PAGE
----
COVID-19 Unites Campbellville Community behind Local Businesses

Brendan Lange, Owner Grumblin’ Granny’s

By Laura Steiner, Local Journalism Initiative, The Milton Reporter

Jennifer Sibbitt has been living in the Campbellville area for about 10 years. A self-described joiner, she decided to volunteer with the Destination Campbellville Community Association (DCCA), a not-for profit group representing the village of Campbellville.

Sibbitt started as treasurer, and now sits as its chair.  She describes the pandemic as having a positive effect.  “It brought a lot of people together, and people started to discover what is local,” she said.  Because of the COVID-19 restrictions, people were looking for something to do that was close to home.  Eco-Tourism became an attraction for places such as Stonehaven Farms. “Having local people desperate for something to do.  It was very well received,” she said.  Halton Parks (Crawford Lake, and Mountsberg) attracted people to the area, despite having to book a time slot.  There are approximately 19,000 slots per week.

Jennifer Sibbitt, DCCA Chair and Treasurer

As the pandemic has lightened, Sibbitt has noticed an increase in business for local stores too.  In the same plaza as The Trail Eatery, there is a grocery store called Cristellos.  Before the pandemic, it wasn’t very busy.  “People are actually buying all of their groceries there.  It’s nice to see those kind of businesses thrive,” she said.

Jon Nameth is the owner of Fine Oak Things at 43 Main St. south, a furniture store specializing in solid wood furniture. He’s found the pandemic has changed the way he’s done business by introducing Zoom appointments for consultation.  “There’s been a big push to support local businesses. We’re fortunate we’re both a local business, and all of our stuff is made in Ontario,” he said. The furniture ranges from dressers and bedroom sets to dining room tables.  Nameth hasn’t noticed many problems from a supply perspective, but costs have increased; something he promises to communicate to customers.  “We won’t necessarily pass the full amount on, but we can’t eat the whole cost increase ourselves,” he says.  They grateful for the community’s support.   “We know it’s been challenging for everybody.  It’s been difficult for everybody while we weren’t open for regular hours when reopen our doors has been very instrumental for us,” Nameth said.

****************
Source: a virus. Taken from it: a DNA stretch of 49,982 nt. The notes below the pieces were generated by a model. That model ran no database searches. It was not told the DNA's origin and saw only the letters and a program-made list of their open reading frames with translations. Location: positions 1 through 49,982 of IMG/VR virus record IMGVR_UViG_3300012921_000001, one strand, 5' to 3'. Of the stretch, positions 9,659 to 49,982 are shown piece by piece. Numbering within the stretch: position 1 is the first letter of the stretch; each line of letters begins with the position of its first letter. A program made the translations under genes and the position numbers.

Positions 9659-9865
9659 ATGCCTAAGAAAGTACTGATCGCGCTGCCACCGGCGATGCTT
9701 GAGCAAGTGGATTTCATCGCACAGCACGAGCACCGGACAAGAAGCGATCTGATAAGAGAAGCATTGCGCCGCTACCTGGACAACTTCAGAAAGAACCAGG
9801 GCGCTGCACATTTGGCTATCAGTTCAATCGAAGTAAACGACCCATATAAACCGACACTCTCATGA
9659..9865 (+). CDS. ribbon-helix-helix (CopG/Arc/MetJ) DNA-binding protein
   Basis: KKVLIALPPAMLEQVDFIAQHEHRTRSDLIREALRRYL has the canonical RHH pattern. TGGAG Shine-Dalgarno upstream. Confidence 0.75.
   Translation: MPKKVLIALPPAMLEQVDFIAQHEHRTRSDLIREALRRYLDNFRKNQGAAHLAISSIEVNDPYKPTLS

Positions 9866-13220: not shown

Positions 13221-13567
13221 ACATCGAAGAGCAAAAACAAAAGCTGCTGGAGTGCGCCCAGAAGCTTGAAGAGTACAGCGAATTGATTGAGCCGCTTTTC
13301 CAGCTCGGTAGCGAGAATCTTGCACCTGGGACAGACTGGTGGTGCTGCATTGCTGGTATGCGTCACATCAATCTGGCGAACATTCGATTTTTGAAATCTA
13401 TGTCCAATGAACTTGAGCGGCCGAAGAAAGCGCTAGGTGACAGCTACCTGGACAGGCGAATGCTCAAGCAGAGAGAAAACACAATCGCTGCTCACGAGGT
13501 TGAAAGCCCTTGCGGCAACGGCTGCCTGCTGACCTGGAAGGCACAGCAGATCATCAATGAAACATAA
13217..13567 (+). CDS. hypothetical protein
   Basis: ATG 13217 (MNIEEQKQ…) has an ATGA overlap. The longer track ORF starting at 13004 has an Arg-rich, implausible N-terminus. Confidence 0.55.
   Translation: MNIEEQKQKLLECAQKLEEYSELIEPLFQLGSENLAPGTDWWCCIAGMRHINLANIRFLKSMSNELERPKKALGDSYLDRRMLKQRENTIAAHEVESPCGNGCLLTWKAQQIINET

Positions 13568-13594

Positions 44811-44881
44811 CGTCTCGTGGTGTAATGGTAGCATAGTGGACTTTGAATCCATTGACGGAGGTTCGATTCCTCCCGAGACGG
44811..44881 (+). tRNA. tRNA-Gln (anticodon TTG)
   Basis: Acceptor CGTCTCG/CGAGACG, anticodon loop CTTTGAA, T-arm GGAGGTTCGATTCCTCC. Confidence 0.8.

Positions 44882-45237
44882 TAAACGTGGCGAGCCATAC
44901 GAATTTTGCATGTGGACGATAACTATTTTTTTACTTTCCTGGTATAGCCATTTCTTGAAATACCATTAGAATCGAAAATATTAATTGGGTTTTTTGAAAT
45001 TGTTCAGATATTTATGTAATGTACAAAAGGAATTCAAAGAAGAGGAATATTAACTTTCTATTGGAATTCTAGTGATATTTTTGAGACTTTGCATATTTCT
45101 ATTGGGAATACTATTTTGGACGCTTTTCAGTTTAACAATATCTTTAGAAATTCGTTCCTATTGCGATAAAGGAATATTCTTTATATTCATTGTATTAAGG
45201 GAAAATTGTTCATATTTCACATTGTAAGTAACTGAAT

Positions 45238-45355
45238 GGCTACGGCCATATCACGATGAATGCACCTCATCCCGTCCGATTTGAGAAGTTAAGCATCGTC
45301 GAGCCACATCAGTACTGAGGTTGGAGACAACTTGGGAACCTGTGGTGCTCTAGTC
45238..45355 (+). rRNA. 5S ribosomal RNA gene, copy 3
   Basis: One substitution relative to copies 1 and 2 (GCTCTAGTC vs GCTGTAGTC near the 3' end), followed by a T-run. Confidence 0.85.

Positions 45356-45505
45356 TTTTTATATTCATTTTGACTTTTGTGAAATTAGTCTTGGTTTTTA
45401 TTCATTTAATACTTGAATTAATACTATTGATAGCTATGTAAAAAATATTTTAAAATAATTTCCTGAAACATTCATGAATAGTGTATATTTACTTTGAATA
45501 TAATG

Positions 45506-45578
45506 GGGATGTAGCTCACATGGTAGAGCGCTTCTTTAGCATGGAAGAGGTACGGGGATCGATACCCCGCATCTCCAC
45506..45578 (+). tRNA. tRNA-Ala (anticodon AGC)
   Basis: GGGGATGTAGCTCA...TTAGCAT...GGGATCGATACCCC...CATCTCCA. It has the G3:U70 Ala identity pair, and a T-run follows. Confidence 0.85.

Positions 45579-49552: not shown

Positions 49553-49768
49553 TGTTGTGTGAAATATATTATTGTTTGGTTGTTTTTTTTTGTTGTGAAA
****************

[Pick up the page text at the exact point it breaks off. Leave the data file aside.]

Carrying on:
Jon Nameth, Owner Fine Oak Things

As restrictions have loosened, he’s had issues getting employees.  “We’d advertise we were hiring for someone.  We wouldn’t necessarily get much of a response,” Nameth said.  And he isn’t the only one; The Trail Eatery has had to adjust hours due to staffing as well.  Statistics Canada reports that the unemployment rate sits at approximately 5.2% for the month of May.

Cate & CO was open daily during the COVID-19 pandemic.  They had to shift away from their workshops, and painting parties for a while. “We started making craft kits for children, and for adults,” owner Catherine Barnes explained.  The kits, and their fusion mineral paints are what helped get them through, as well as a custom furniture painting.  They also support 45 local hand-made artisans inside their shop.  “What makes the most sense was to bring their product to a store like ours,” she said.  The closures and capacity limits made it challenging.  “Handmade goods are typically things people want to see, touch, feel,” she explained.  “We love local, and we were very fortunate that the community supported us.  So they did porch pick-up, and delivery.  “We did all kinds of things we thought we would never do during the pandemic,” Barnes said.

Catherine Barnes, Owner Cate & Co.

“Could be a lot worse,” Grumblin Grannys’ owner Brendan Lange said of the pandemic.  It’s a retail shop in the ground floor of a house on the west side of the Guelph Line boasting an eclectic mix of clothing, jewelry, and wall-hangings.  It remained a destination shop throughout the pandemic. “It’s good to know people are here for you,” Lange said.

Sibbitt hopes the whole experience will prompt people to continue with the positivity.  “People do now know their neighbours a little bit better and want to do stuff.  And want to be part of the community that they’ve been supporting this whole time,” she said.